Although much has been written about the truth-conditions of de re attitude reports, little attention has been paid to certain ‘ultra-liberal’ uses of those reports. We believe that if these uses are legitimate, then a number of interesting consequences for various theses in philosophical semantics follow. The majority of the paper involves describing these consequences. In short, we argue that, if true, ultra-liberal reports: bring counterexamples to a popular approach to de re attitude ascriptions, which we will call ‘descriptivism’; and (...)
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  29. Animal Rights and the Problem of R-Strategists.Kyle Johannsen - 2017 - Ethical Theory and Moral Practice 20 (2):333-45.
    Wild animal reproduction poses an important moral problem for animal rights theorists. Many wild animals give birth to large numbers of uncared-for offspring, and thus child mortality rates are far higher in nature than they are among human beings. In light of this reproductive strategy – traditionally referred to as the ‘r-strategy’ – does concern for the interests of wild animals require us to intervene in nature? In this paper, I argue that animal rights theorists should embrace fallibility-constrained interventionism: the (...)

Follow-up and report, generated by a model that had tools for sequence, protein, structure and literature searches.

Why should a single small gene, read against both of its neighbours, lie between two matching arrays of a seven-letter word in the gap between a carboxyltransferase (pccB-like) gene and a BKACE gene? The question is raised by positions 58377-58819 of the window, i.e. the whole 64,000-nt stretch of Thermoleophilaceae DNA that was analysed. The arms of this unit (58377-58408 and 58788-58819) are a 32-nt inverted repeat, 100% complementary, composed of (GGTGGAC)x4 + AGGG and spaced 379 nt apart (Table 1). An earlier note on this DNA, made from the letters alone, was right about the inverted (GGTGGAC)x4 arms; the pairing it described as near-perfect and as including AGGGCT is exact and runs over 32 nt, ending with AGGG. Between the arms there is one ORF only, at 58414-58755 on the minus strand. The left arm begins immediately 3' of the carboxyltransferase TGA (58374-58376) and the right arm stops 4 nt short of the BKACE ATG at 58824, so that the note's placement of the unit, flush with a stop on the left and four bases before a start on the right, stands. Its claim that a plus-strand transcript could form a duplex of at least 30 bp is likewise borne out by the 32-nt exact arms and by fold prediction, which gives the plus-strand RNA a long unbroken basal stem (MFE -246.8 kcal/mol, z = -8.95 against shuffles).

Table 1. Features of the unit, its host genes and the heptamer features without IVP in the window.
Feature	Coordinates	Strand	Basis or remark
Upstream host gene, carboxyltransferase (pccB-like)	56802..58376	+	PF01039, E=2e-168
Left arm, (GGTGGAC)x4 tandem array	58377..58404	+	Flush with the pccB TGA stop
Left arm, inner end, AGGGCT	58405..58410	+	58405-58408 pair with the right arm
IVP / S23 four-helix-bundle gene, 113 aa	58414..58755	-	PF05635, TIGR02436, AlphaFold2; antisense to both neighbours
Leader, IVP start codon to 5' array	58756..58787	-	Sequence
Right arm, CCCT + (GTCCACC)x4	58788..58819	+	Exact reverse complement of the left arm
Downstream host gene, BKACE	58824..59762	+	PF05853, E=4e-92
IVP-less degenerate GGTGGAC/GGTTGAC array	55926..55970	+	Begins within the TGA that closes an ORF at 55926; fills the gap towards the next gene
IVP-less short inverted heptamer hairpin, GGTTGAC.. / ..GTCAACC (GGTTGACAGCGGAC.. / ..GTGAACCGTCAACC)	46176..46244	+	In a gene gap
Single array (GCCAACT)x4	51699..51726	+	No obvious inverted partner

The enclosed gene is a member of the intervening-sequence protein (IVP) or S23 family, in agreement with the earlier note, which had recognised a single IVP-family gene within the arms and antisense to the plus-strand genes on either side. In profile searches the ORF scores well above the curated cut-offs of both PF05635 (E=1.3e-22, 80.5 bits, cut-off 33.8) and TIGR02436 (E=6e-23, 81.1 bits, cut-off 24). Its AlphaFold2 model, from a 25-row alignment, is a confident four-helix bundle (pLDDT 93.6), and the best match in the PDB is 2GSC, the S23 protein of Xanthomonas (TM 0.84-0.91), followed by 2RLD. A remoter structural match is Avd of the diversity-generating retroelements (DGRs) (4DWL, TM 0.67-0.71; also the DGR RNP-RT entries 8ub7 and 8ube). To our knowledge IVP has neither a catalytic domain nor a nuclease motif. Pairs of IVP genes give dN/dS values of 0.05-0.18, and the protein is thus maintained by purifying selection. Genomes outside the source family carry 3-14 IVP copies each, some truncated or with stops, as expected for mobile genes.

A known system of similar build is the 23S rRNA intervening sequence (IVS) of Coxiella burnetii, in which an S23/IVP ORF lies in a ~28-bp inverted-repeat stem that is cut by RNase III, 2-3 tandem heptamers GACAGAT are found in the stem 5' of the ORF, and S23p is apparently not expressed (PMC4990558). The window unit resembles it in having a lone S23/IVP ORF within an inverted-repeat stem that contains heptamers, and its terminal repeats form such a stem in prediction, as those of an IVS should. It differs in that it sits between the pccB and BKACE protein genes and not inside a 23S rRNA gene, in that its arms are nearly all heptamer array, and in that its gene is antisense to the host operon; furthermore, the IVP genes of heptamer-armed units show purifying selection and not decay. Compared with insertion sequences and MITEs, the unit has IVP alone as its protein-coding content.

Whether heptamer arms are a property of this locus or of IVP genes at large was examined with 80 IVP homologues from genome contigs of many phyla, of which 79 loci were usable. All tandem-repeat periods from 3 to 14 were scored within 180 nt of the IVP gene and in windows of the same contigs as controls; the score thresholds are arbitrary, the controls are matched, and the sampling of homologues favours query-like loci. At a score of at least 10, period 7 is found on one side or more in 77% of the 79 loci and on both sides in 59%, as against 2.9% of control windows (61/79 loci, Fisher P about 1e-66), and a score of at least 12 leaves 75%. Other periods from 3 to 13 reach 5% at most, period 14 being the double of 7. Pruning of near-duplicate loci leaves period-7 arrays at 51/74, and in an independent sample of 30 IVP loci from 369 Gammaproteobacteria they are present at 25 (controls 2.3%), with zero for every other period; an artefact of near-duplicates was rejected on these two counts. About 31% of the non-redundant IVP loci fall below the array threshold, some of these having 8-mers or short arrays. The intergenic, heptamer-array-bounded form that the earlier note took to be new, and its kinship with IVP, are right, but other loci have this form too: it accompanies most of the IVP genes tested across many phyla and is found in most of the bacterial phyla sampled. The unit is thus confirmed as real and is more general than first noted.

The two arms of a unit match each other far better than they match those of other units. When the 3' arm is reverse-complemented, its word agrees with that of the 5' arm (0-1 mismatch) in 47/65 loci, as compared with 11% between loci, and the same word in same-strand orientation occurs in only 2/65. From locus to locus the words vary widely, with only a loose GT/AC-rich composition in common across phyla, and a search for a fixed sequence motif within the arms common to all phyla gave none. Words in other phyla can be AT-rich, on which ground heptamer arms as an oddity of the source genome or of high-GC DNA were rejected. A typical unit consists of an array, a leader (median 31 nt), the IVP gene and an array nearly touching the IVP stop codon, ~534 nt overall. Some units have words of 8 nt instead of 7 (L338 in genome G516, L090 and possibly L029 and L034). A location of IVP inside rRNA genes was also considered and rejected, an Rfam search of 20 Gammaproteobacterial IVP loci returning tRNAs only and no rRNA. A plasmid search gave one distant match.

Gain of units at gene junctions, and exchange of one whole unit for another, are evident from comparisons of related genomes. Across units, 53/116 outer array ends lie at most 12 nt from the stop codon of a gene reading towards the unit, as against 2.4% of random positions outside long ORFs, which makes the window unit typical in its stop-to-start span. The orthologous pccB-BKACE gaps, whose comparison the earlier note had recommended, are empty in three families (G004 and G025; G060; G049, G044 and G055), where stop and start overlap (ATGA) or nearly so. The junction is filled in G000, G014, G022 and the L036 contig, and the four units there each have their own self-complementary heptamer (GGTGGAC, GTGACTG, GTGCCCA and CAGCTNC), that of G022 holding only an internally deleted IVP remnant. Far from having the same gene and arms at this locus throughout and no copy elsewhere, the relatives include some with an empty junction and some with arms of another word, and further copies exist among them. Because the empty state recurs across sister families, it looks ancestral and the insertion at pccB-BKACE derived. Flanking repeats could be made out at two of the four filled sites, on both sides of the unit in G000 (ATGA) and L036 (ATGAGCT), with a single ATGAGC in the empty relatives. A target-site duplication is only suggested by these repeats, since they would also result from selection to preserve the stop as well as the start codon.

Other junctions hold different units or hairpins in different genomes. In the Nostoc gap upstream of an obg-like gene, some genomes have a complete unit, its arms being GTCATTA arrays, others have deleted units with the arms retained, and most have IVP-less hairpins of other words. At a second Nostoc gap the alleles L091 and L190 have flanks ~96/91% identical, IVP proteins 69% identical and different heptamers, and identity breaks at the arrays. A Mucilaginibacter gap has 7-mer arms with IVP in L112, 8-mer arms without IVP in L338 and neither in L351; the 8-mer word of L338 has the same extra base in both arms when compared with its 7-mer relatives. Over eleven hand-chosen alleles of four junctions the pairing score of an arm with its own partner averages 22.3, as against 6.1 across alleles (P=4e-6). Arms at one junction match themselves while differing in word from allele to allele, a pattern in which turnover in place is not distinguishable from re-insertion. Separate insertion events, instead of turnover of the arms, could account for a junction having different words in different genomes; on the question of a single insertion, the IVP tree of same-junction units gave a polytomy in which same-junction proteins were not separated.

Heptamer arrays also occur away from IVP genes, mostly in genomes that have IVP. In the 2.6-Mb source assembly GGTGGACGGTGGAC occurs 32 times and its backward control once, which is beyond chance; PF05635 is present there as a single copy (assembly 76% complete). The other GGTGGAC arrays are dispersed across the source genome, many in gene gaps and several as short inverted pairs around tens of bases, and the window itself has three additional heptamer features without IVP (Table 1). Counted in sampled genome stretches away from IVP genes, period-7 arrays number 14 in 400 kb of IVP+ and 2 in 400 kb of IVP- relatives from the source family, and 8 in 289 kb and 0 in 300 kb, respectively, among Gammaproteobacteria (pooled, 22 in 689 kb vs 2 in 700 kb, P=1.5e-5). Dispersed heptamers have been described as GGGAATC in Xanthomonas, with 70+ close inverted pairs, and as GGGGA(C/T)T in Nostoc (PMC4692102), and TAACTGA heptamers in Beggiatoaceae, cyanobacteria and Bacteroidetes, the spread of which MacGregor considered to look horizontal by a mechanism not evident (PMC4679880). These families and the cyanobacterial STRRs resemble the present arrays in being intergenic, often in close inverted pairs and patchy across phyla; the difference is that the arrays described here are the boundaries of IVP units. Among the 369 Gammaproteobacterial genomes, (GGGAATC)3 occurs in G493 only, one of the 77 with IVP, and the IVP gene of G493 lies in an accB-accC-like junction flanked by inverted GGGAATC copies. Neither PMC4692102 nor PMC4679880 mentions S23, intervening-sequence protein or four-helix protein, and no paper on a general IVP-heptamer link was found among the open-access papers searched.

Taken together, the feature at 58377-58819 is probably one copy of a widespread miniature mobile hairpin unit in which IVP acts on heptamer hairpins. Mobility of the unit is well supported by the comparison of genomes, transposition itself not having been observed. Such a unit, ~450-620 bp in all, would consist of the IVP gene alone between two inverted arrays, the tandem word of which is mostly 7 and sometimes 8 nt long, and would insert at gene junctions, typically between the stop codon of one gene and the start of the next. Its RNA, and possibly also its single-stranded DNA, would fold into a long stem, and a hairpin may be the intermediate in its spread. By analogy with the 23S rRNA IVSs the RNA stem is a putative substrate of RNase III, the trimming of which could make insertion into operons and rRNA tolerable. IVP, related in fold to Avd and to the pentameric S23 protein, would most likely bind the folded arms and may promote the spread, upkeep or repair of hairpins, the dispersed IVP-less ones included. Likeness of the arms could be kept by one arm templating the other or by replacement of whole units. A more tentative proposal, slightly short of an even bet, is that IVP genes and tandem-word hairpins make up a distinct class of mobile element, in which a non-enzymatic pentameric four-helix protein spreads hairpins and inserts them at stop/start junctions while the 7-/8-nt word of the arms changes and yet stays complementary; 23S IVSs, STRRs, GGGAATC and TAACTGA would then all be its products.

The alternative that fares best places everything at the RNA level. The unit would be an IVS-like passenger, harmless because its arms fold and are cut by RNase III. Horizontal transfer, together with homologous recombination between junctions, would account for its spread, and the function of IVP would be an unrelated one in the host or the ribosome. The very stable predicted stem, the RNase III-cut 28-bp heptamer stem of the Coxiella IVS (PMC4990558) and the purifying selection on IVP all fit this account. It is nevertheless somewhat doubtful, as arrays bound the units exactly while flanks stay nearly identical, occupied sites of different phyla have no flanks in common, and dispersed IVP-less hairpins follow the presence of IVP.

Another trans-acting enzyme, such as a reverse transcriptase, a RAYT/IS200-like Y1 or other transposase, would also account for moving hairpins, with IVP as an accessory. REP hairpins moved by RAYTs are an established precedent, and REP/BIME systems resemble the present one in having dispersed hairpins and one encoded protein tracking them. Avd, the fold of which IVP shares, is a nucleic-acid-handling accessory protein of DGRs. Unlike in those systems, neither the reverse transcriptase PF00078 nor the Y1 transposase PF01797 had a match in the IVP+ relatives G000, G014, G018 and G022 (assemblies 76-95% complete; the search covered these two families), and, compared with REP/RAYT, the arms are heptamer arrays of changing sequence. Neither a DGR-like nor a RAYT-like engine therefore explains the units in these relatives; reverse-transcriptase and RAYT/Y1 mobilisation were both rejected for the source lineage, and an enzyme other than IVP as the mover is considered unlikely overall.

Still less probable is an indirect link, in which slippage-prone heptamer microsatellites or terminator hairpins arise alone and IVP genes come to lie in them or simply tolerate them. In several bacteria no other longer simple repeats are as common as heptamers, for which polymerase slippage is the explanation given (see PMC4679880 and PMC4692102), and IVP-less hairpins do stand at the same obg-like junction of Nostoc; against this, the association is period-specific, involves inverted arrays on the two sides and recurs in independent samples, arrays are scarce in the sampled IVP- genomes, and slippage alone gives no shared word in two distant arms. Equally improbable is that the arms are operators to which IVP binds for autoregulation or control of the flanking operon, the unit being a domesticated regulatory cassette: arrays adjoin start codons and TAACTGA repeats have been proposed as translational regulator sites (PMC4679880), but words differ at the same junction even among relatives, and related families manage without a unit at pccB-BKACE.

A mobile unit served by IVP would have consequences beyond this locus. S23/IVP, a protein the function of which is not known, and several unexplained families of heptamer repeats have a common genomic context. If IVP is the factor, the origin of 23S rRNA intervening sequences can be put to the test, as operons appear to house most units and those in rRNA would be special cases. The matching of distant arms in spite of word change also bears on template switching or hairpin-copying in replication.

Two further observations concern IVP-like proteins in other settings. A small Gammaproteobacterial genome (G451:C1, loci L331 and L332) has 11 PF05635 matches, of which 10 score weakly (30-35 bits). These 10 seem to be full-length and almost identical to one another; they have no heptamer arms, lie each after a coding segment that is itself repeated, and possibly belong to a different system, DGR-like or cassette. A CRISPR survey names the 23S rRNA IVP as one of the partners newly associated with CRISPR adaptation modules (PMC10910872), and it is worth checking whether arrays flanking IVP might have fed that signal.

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  30.  82
    Hypocrisy, Inconsistency, and the Moral Standing of the State.Kyle G. Fritz - 2019 - Criminal Law and Philosophy 13 (2):309-327.
    Several writers have argued that the state lacks the moral standing to hold socially deprived offenders responsible for their crimes because the state would be hypocritical in doing so. Yet the state is not disposed to make an unfair exception of itself for committing the same sorts of crimes as socially deprived offenders, so it is unclear that the state is truly hypocritical. Nevertheless, the state is disposed to inconsistently hold its citizens responsible, blaming or punishing socially deprived offenders more (...)